Jimmy Walker, employee of Easy Joe's Landscaping, works on the lawns of some of the homes that are either for sale, under contract or sale pending on 37th Street East in the Riomar Sarasota Subdivison in south Manatee County.
Last Modified: Monday, November 19, 2012 at 12:08 a.m.
Recent economic data provides new signs that the housing market is recovering in Southwest Florida and throughout the state, but there are still some rough spots.
Analysts say the Florida economy is clearly improving, though slowly, and the housing market has not only stabilized, but is fast recovering in many areas.
Some data remains troubling, though, such as the latest spike in foreclosure filings in Sarasota, Manatee and Charlotte counties. Still, economists say the much-battered housing industry is recovering — though not yet recovered.
BMO Capital Markets Economics last week said lower inventories and upward price momentum in Florida suggests "the worst days of the housing crash are behind us."
The Federal Housing Finance Agency (FHFA) Index shows Florida housing prices plunged 40 percent from peak-to-trough, but fell just 1.8 percent year-to-year in the second quarter of 2012 — the slowest pace of decline since early 2007.
Prices in some Florida cities have increased about 9 percent from last year's lows.
"We are seeing a significant uptick in the number of people inquiring about either refinancing their current mortgage or looking to finance a new home purchase," said Dave Maraman, BMO Harris Bank's Sarasota-based Florida president.
"We continue to increase the number of mortgage specialists in recognition of the improved market."
Analyst CoreLogic reported home prices in Sarasota and Manatee counties, including distressed sales, increased 4.1 percent in September over the same month last year.
But excluding distressed sales, year-over-year prices climbed 4.7 percent in September and gained 0.4 percent for the month.
Mark Vitner, a senior economist with Wells Fargo Securities who tracks Florida, says the housing market stands out amid other economic gloom.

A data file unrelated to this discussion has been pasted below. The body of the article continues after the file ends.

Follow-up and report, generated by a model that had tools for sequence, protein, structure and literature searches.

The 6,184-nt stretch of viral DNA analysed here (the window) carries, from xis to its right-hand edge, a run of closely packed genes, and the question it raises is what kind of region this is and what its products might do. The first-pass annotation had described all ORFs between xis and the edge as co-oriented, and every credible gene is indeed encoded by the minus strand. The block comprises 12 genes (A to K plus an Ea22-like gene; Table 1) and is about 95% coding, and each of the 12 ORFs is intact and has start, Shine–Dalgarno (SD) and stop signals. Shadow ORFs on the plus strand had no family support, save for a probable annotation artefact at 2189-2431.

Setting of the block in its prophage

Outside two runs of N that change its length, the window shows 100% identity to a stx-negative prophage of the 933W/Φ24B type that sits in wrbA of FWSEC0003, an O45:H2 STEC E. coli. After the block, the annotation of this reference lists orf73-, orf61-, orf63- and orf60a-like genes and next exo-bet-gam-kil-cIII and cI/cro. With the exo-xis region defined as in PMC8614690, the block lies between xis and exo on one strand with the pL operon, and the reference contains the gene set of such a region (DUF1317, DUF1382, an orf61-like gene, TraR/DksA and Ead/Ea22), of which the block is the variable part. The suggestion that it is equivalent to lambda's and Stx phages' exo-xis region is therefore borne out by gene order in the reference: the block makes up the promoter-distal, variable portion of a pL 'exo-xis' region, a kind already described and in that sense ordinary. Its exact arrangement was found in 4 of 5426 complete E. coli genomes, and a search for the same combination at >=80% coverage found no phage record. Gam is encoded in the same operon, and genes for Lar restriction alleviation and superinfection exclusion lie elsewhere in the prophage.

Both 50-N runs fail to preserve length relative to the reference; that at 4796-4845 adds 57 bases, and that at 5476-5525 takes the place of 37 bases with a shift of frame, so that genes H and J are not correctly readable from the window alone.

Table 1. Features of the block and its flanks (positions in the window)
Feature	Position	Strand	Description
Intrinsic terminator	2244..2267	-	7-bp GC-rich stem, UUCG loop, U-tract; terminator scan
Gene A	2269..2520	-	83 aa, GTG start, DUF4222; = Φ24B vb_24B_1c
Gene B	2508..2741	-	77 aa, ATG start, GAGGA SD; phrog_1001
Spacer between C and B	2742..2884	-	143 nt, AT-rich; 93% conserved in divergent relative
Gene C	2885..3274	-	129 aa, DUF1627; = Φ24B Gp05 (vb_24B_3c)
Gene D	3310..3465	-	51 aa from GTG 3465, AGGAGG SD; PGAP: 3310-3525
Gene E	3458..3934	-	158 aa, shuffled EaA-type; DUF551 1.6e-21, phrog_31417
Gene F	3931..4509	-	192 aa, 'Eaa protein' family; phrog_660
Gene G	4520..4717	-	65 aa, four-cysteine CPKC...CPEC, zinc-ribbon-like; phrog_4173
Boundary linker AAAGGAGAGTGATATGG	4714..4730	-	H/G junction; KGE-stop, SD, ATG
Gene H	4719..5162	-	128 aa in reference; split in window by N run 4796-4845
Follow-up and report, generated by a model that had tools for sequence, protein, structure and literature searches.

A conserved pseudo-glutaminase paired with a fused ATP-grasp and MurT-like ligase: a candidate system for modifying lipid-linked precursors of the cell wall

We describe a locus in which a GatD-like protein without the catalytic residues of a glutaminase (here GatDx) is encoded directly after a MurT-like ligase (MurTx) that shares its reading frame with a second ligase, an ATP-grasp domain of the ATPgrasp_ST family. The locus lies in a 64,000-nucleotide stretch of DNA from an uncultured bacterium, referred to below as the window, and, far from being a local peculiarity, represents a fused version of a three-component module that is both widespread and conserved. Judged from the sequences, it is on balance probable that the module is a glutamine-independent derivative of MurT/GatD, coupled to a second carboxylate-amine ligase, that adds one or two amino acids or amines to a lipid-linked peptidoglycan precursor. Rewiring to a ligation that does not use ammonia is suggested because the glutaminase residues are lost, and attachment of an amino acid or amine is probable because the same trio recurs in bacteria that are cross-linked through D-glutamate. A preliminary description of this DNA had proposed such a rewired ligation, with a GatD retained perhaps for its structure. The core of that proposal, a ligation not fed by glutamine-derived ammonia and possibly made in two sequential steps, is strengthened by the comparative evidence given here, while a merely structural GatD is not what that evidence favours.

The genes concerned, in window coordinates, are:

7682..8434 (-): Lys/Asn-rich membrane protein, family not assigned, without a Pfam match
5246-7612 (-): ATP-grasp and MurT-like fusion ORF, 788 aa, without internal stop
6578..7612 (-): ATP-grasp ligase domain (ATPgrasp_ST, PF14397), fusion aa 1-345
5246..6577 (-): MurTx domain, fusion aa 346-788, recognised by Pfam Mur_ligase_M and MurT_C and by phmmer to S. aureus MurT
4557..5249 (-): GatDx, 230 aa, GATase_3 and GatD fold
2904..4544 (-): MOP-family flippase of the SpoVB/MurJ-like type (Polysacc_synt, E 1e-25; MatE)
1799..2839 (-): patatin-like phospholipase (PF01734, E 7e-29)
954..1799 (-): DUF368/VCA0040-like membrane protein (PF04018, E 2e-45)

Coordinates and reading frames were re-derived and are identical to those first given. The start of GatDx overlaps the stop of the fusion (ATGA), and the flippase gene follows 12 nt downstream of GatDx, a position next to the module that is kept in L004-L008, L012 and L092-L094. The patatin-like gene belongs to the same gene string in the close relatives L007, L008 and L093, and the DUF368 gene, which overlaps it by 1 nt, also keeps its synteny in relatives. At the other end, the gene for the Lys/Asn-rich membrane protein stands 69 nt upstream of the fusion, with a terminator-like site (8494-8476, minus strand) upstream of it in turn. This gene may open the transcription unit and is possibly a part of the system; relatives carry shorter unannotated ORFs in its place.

Even as overall economic growth "putters along" at a 2 percent pace, Vitner notes, homes sales and residential construction are expected to increase.
"There has been considerable progress made at clearing out foreclosures, particularly in hard-hit states like Florida and Arizona," Vitner said. "With many of the best properties already sold, distressed transactions are now accounting for a smaller share of overall sales. The drop in competition from foreclosures has bolstered builder confidence."
However, foreclosures remain a nagging problem here and statewide.
Sarasota County posted the nation's eighth-highest spike in foreclosure filings in October, increasing 53 percent over September, according to analyst RealtyTrac. But filings were down 3 percent over last year.
Florida, meanwhile, registered the nation's highest state foreclosure rate for the second month in a row. One in every 312 Florida housing units had a foreclosure filing in October, more than twice the national average, RealtyTrac said.
A total of 28,783 Florida properties were the subject of a foreclosure filing in October, up 2 percent from the previous month and a 12-month high, but the October 2012 total was still 13 percent below October 2011.
BMO Capital Markets noted that 40 percent of mortgages in Florida remain underwater, as homeowners owe more than their homes are worth.
"Overall, Florida's housing market is one of the most stressed, second of 50, in the country, behind Nevada, but a drawdown in inventories and upward price momentum are positive indications that the worst is over," the BMO economists said.
At the same time though, and somewhat paradoxically, some of the region's homebuilders are well into recovery mode.
Taylor Morrison last week announced it will add 800 homes and an 18-hole golf course on 400 acres to its Esplanade development in Manatee County. Neal Communities, another Lakewood Ranch builder, is under way with its 1,999-home Grand Palm community, in Venice.
The September Trendgraphix report counted a 5.5-month inventory of homes for sale in Sarasota County and just 3.6 months' worth in Manatee County. Both counties were well over a seven-month supply one year ago. Markets are considered in "equilibrium" when the supply stands at six months.